The Truth About Sugar

If you’re choosing a diet with no sugar in it, it’s important to determine your motivation. There is a difference between a ‘no sugar diet’ and a ‘no processed sugar diet’. Recipes that claim to use no sugar often use honey, rice malt syrup or another sweetener, which are still sugars, just in different forms.

Processed Sugar

Processed sugar is made up of sucrose, which is hydrolysed (broken down) in the body into glucose and fructose.


Honey is also made up of fructose and glucose units and is in fact higher in fructose than processed sugar. Fructose has been implicated in insulin resistance (i.e. difficult for the body to process sugar) and can actually result in more fat being deposited.

Agave Syrup

Agave syrup has become a popular alternative to processed sugar. Agave contains a high level of fructose, so again can potentially result in insulin resistance. It can also be difficult to digest.

Rice Malt Syrup

Rice malt syrup breaks down into 100% glucose once in the body, which can raise blood sugars. Brown rice syrup and products containing it were found in a 2012 study[1] to contain significant levels of arsenic (As), which is toxic to humans. This is presumably due to the high prevalence of arsenic in rice.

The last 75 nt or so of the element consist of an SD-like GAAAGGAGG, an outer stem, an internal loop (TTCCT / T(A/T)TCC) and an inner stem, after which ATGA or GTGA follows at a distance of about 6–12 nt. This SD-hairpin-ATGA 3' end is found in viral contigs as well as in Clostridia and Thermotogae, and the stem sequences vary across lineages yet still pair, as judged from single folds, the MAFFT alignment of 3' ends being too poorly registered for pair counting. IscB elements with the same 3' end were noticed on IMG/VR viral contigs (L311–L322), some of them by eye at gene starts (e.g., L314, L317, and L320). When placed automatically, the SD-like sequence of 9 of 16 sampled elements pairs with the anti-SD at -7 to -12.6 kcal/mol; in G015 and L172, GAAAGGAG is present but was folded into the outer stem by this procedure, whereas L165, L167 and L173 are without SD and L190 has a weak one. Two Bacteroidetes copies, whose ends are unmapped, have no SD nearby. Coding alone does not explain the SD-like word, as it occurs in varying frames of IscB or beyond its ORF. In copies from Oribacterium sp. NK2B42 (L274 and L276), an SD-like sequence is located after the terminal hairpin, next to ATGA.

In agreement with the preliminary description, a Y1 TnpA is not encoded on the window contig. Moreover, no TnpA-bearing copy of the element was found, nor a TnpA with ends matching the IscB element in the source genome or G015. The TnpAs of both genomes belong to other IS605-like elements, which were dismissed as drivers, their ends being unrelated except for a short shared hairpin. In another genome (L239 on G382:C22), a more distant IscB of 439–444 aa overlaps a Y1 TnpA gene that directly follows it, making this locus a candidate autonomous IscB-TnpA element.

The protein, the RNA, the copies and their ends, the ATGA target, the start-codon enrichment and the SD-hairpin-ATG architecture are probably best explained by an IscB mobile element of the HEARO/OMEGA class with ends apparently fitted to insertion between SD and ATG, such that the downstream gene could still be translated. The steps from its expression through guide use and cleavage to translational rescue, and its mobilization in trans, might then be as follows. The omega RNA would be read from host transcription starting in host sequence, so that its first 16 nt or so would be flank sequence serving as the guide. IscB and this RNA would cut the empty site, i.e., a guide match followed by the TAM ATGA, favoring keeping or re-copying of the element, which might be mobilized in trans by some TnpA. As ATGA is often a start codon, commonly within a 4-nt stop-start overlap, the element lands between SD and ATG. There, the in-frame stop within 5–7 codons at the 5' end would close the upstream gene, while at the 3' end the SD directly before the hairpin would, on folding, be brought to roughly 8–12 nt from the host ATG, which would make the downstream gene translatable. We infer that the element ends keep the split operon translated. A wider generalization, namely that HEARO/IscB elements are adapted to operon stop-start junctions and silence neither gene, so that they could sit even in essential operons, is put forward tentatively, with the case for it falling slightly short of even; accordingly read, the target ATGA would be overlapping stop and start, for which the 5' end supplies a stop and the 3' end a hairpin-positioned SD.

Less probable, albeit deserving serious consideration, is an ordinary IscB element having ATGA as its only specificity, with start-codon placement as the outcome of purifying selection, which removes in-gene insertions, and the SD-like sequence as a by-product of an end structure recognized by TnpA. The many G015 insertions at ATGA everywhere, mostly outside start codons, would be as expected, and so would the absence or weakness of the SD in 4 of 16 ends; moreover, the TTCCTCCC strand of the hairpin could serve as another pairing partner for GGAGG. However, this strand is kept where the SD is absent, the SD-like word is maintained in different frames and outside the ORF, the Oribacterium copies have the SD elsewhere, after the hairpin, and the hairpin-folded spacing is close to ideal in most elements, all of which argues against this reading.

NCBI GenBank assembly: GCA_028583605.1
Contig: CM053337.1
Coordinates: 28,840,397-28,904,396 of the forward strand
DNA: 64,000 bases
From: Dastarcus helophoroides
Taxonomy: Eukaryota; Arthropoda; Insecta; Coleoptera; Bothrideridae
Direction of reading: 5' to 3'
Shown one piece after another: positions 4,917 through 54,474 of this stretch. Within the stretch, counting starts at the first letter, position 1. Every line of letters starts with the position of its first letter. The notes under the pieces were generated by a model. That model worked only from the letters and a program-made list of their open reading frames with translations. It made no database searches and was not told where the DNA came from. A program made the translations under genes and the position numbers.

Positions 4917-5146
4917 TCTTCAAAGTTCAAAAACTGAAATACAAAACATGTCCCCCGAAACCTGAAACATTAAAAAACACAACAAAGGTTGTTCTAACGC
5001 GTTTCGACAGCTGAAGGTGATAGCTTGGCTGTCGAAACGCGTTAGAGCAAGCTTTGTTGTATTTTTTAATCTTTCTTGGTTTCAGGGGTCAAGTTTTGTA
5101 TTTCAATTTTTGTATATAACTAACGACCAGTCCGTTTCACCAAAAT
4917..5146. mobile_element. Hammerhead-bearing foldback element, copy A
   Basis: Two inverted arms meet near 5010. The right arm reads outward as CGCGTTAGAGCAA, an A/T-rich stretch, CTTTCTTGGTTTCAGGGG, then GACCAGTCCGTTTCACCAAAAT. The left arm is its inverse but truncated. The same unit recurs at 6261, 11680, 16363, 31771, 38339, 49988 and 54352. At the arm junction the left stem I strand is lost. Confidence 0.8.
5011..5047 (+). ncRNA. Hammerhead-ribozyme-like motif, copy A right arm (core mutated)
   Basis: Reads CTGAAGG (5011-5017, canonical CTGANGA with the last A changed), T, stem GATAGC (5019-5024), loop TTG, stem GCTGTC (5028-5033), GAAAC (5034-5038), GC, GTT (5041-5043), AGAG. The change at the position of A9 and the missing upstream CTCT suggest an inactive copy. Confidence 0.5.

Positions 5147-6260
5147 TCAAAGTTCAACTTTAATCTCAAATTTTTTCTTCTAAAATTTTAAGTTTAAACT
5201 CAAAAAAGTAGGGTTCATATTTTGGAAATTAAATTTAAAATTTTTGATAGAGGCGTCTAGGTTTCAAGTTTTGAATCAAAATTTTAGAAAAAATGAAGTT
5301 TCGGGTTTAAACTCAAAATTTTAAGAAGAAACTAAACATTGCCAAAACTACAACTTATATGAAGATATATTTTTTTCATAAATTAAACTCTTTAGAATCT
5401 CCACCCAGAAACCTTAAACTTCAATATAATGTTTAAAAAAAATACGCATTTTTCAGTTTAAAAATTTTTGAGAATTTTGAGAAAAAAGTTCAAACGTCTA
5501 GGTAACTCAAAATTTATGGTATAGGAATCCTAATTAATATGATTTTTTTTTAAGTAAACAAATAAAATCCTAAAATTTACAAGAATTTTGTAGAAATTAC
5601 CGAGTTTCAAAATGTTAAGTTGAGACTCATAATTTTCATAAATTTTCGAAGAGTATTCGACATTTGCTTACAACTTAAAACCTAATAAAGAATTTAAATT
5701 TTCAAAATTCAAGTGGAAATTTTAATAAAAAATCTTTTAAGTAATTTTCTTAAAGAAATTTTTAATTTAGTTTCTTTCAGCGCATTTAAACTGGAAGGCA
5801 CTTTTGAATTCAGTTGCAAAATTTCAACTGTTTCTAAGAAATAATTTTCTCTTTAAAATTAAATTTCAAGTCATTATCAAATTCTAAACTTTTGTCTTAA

Coconut Sugar

Coconut sugar is made from the sap of cut flower buds of the coconut palm. Although it has a lower glycaemic index than processed sugar (i.e. it’s broken down slower), it has a similar structure to processed sugar in that it also contains glucose and fructose.

Understand What You’re Trying To Achieve

There is no doubt that minimising overall sugar in all forms in your diet is a positive step. The degree to which this is done is highly individual, as not everyone processes and digests food (in particular sugars) in the same way. It is therefore important to tailor and modify your diet according to your health condition(s).

 [1] Brian P. Jackson,1 Vivien F. Taylor,1 Margaret R. Karagas,2 Tracy Punshon,3 and Kathryn L. Cottingham3.  2012.  Arsenic, Organic Foods, and Brown Rice Syrup.  Environmental Health Perspectives 120 (5):  623 – 626

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